Aker Maritime, Inc. has gone through various incarnations throughout its relationship with Chevron, including as CSO Aker Maritime. Inc., Technip Offshore, Inc., and Technip USA, Inc.
Grade A and Grade 2 bolts are similar, but the standards are different in several respects. The most important difference in this case is that Grade 2 bolts require heating to a specific temperature keep them from breaking, whereas Grade A certification allows the manufacturer to determine what level of heat treatment is appropriate. At the time, Oriental routinely did not heat-treat its bolts at all.
Oriental Fastener Co. is now known as Tech OFCO, and it is insolvent.
Lone Star shipped the bolts to Oceaneering, which was in charge of assembling the risers. The bolts were marked "OF," indicating the manufacturer, and arrived in shipping boxes bearing the Lone Star mark. They also arrived with a packing slip noting that they were either "manufactured or distributed" by Lone Star. Oceaneering accepted the bolts, failing to notice the substitution.
The first bolt failure occurred on July 9, 2001, when a bolt head popped off one of the first bolts used in the risers. Jack Couch, the project manager for Oceaneering, contacted Aker's Mike Harville and told Harville that he thought the bolts were a "serious weak link." Couch took a picture of the failed bolt and sent it to Harville. Harville told Oceaneering that it had applied too much torque to the bolt, as Oceaneering was applying torque to Grade 2 bolts that it believed to be Grade 5 bolts. Oceaneering continued assembly of the riser system using the torque appropriate for Grade 2 bolts, apparently without incident. In August 2001, however, Aker took over riser assembly, and Oceaneering sent the parts, including the bolts, to Aker. Like Oceaneering's employees, Aker's employees failed to detect that the bolts were Grade A bolts.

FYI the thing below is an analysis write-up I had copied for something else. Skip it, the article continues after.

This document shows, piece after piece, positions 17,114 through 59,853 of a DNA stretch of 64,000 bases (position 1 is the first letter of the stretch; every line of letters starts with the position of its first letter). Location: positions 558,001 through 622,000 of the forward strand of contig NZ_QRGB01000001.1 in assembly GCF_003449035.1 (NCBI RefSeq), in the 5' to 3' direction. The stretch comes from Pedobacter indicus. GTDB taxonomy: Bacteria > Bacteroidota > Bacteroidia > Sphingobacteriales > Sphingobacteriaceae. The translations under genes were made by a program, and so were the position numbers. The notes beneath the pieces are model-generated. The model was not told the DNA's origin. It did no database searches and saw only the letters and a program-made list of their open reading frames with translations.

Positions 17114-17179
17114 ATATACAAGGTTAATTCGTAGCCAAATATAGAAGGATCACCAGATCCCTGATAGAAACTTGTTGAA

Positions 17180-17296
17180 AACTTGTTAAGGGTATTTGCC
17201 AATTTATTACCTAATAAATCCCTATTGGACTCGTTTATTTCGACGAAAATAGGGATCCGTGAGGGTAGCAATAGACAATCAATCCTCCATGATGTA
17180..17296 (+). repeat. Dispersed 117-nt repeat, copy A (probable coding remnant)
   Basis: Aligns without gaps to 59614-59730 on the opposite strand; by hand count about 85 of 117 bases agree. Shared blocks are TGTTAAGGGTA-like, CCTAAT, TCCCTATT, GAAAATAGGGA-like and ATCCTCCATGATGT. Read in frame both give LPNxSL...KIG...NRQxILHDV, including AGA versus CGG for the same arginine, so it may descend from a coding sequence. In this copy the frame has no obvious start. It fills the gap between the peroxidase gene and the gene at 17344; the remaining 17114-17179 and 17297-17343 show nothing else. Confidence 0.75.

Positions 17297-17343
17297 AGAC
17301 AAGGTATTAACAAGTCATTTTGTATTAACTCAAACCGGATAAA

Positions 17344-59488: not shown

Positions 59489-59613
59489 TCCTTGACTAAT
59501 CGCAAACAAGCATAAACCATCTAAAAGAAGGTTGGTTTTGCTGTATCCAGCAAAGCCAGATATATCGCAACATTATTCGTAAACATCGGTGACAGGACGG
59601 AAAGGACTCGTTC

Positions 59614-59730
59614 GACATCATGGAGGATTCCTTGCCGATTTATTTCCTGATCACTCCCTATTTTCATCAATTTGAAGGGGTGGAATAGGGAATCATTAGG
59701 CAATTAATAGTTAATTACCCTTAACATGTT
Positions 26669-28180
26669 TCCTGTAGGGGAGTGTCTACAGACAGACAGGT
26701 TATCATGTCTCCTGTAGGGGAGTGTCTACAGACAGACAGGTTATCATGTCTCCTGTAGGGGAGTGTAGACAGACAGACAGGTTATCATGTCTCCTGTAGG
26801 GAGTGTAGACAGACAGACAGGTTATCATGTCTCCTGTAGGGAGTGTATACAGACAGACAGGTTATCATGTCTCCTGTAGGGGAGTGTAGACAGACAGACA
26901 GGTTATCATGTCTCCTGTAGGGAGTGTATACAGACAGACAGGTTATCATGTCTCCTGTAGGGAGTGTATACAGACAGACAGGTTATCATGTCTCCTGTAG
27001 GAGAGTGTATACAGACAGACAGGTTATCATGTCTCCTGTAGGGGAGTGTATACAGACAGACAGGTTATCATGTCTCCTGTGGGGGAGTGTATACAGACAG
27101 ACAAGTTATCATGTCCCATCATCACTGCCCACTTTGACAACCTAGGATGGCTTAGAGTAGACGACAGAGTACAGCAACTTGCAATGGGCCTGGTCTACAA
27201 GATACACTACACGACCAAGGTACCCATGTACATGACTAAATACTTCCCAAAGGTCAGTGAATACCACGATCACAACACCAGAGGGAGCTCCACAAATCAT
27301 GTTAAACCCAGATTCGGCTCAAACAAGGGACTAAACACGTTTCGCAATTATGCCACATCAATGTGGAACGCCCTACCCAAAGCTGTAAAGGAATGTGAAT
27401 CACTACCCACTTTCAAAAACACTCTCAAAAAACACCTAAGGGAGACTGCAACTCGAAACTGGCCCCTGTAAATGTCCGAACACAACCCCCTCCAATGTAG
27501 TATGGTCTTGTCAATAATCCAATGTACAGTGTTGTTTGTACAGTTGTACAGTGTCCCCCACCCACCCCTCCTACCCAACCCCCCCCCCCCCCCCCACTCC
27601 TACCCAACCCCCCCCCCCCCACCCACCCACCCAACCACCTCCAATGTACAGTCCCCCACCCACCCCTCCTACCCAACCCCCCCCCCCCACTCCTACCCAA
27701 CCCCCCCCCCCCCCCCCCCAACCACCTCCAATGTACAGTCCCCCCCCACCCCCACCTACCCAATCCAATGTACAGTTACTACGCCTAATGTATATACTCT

After Aker completed installation of the riser system, Oceaneering divers inspected the construction on July 12 and 13, 2002. During the dives, live audio and video were fed to a room aboard the Genesis Spar, where Chevron representatives could see and hear everything the divers saw. As documented in Oceaneering's diving logs, the video inspection showed several bolt heads were missing. In addition, Harville testified that a Chevron employee, Bill Donahue, called him regarding a problem with bolt installation, likely on Sunday, July 14.
In the next month, Aker, Oceaneering, and Chevron representatives investigated the bolt failures. During the review, the team discovered that the bolts were Grade A, not Grade 2. It later determined that not only were the bolts the wrong kind, they were also defective due to a defective manufacturing process, including failure to stress-relieve the bolts and to heat-treat them.
Chevron sued on July 15, 2003, a year and a day after the Oceaneering dives, but less than a year after it completed its investigation. Its complaint included claims for negligence, strict liability, redhibition, products liability, and breach of contract. Aker brought claims for indemnity against Oceaneering and Lone Star. To avoid inconsistent verdicts, the parties agreed to try all the claims other than the contract claims to a jury, after which the district court would make factual findings based on the trial record and render judgment on the contract claims. The jury returned a verdict in favor of Chevron on all claims. It found that none of Chevron's claims were prescribed. As to negligence, it found Aker, Lone Star, Oriental, and Oceaneering were all negligent and it apportioned fault under La. Civ. Code art. 2323: 40 percent to Aker, 35 percent to Lone Star, 5 percent to Oceaneering, and 20 percent to Oriental. It determined that Lone Star and Oriental were manufacturers and imposed liability in redhibition and under the LPLA. Finally, it determined that Chevron's total damages were $2,968,526.42.